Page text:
Nepali parties inch back to poll option

Differences persist over unity government to hold polls

Updated - November 17, 2021 05:09 am IST

Published - October 30, 2012 08:44 pm IST - Kathmandu:

Nepali parties have formally resumed their negotiations to determine the political roadmap after a long festival break. While they have been swinging between two options, of either holding fresh elections for a new Constituent Assembly (CA) or reviving the old CA to promulgate a constitution, the momentum has shifted clearly in favour of fresh polls.

In the past week, Maoist chairman Pushpa Kamal Dahal ‘Prachanda’ put forward a proposal to the Nepali Congress (NC) and Communist Party of Nepal (Unified Marxist Leninist). As the “best option”, Maoists suggested promulgating a constitution incorporating all issues agreed upon before May 27, when the CA expired, and leaving contentious issues for the next elected Legislature-Parliament. The proposal added, “If no understanding evolves on the above-mentioned solution, or is not possible, there is no other option than to go for fresh elections.”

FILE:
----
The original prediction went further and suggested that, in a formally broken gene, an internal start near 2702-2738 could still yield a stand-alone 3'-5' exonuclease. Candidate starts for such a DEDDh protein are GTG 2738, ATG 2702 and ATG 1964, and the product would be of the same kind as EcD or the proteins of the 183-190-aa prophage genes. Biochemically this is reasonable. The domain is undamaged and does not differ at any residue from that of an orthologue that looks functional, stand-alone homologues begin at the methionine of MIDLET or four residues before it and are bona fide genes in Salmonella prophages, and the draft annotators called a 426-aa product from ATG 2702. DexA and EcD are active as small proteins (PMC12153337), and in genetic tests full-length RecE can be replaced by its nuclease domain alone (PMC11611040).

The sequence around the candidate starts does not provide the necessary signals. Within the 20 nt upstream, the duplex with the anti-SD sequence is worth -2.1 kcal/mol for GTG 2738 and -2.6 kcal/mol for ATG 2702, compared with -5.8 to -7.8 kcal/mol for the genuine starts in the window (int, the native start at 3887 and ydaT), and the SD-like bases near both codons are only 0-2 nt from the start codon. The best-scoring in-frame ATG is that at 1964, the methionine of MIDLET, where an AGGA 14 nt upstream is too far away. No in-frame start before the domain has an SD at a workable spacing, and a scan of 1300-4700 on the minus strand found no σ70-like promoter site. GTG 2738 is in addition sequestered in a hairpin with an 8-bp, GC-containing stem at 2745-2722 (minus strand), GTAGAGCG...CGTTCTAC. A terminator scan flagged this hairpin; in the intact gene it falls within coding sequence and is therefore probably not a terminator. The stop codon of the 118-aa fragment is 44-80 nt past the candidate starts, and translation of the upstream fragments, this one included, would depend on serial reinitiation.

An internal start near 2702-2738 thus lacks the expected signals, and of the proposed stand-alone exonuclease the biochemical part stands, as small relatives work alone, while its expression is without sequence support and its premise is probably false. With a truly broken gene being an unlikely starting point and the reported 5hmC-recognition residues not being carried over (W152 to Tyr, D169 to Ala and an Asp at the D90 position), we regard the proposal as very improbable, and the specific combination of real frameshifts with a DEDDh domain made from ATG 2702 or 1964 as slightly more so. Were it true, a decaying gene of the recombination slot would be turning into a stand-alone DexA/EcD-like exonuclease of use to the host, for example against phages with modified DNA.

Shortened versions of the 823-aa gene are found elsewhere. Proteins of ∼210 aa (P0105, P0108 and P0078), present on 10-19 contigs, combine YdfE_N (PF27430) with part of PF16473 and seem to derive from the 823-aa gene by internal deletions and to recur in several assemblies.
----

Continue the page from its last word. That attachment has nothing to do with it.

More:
NC president Sushil Koirala and UML chairman Jhalanath Khanal have categorically rejected the CA revival option. A group of former Supreme Court Chief Justices warned the Prime Minister that CA revival to promulgate the statute would be unconstitutional. President Ram Baran Yadav too has spoken in favour of fresh polls.

Major differences, however, persist between the parties on the question of government leadership. While the Maoists have said Prime Minister Baburam Bhattarai should lead a unity government to hold polls, the opposition has made it clear that this would not be acceptable. “We will not accept either a budget or elections from this government. A new consensus government should work out a package deal on polls, and constitutional process to hold elections,” said former Premier and UML leader Madhav Kumar Nepal. The Maoists have said they will not accept the leadership of the NC, and Mr. Prachanda has floated the idea of a “neutral figure” leading the election government as a compromise.

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